Of more than 200 Americans who flew for France during
WWI, one of particular uniqueness was Eugene Bullard,
the only Black pilot of WWI. A great tribute to Bullard
is found in the famous book by Nordhoff and Hall, The
Lafayette Flying Corps, published in 1920. "The writer
will never forget one occasion when he was waiting at
23 Avenue du Bois to see Dr. Gros. Suddenly the door opened
to admit a vision of military splendor such as one does
not see twice in a lifetime. It was Eugene Bullard.
His jolly black face shone with a grin of greeting
and justifiable vanity. He wore a pair of tan aviator's
boots which gleamed with a mirror-like luster. His black
tunic, excellently cut and set off by a fine figure,
was decorated with a pilot's badge, a Croix de Guerre,
the fourragere of the Foreign Legion, and a pair of
enormous wings, which left no possible doubt, even at
a distance of fifty feet, as to which arm of the Service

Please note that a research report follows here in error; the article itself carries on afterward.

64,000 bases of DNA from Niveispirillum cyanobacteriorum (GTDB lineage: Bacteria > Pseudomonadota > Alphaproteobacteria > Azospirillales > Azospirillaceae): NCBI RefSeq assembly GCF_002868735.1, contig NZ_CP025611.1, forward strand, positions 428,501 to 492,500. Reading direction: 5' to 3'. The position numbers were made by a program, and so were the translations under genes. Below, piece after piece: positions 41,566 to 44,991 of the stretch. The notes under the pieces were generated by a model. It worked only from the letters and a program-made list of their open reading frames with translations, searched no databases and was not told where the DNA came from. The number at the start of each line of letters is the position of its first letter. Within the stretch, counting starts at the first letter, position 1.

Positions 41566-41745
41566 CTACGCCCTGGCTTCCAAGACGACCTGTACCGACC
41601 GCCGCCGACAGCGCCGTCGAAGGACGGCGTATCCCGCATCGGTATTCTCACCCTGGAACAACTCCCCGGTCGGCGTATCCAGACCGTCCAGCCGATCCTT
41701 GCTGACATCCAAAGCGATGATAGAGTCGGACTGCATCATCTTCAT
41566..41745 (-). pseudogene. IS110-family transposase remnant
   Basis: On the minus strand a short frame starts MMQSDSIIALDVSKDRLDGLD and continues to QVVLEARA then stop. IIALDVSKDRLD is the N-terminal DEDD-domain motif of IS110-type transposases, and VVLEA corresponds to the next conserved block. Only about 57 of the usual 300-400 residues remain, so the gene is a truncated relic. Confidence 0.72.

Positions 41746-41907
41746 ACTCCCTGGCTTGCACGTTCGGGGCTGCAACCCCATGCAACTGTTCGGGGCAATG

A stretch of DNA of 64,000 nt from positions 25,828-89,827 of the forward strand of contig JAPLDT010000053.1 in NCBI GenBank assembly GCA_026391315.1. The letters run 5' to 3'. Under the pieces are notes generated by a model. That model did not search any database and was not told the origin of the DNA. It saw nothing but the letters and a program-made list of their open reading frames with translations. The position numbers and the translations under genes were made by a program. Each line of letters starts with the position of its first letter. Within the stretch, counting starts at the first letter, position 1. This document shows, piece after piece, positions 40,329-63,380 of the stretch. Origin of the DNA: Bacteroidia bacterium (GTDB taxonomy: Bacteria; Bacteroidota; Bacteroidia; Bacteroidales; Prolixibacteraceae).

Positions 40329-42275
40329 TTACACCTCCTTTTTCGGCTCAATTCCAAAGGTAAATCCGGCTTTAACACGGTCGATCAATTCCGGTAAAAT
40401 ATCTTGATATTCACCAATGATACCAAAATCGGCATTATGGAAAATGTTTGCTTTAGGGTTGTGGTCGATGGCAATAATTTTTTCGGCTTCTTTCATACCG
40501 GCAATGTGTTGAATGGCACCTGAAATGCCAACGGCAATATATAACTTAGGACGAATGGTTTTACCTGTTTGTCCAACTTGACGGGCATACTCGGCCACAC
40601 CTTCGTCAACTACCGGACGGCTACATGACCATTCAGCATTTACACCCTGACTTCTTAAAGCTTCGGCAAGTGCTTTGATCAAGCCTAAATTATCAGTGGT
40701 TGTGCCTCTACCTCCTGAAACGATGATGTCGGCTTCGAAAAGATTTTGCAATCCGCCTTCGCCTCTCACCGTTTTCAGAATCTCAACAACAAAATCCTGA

he adorned. The eleces-pilotes gasped, the
eyes of the neophytes stood out from their heads, and
I repressed a strong instinct to stand at attention.
There was scarcely an American at Atord who did not
know and like Bullard. He was a brave, loyal,
and thoroughly likable fellow, and when a quarrel with
one of his superiors caused his withdrawl from the Aviation,
there was scarcely an American who did not regret the
fact. He was sent to the 170th French Infantry Regiment
in January, 1918..."
Following WWI, Bullard remained in France until the
German occupation of Paris in 1940, at which time he
had to flee the country because of his previous activities
of spying against the Nazis. He returned to the U.S.
and lived in New York City until his death in 1961.
Thus passed from the scene the first black pilot in
the history of military aviation.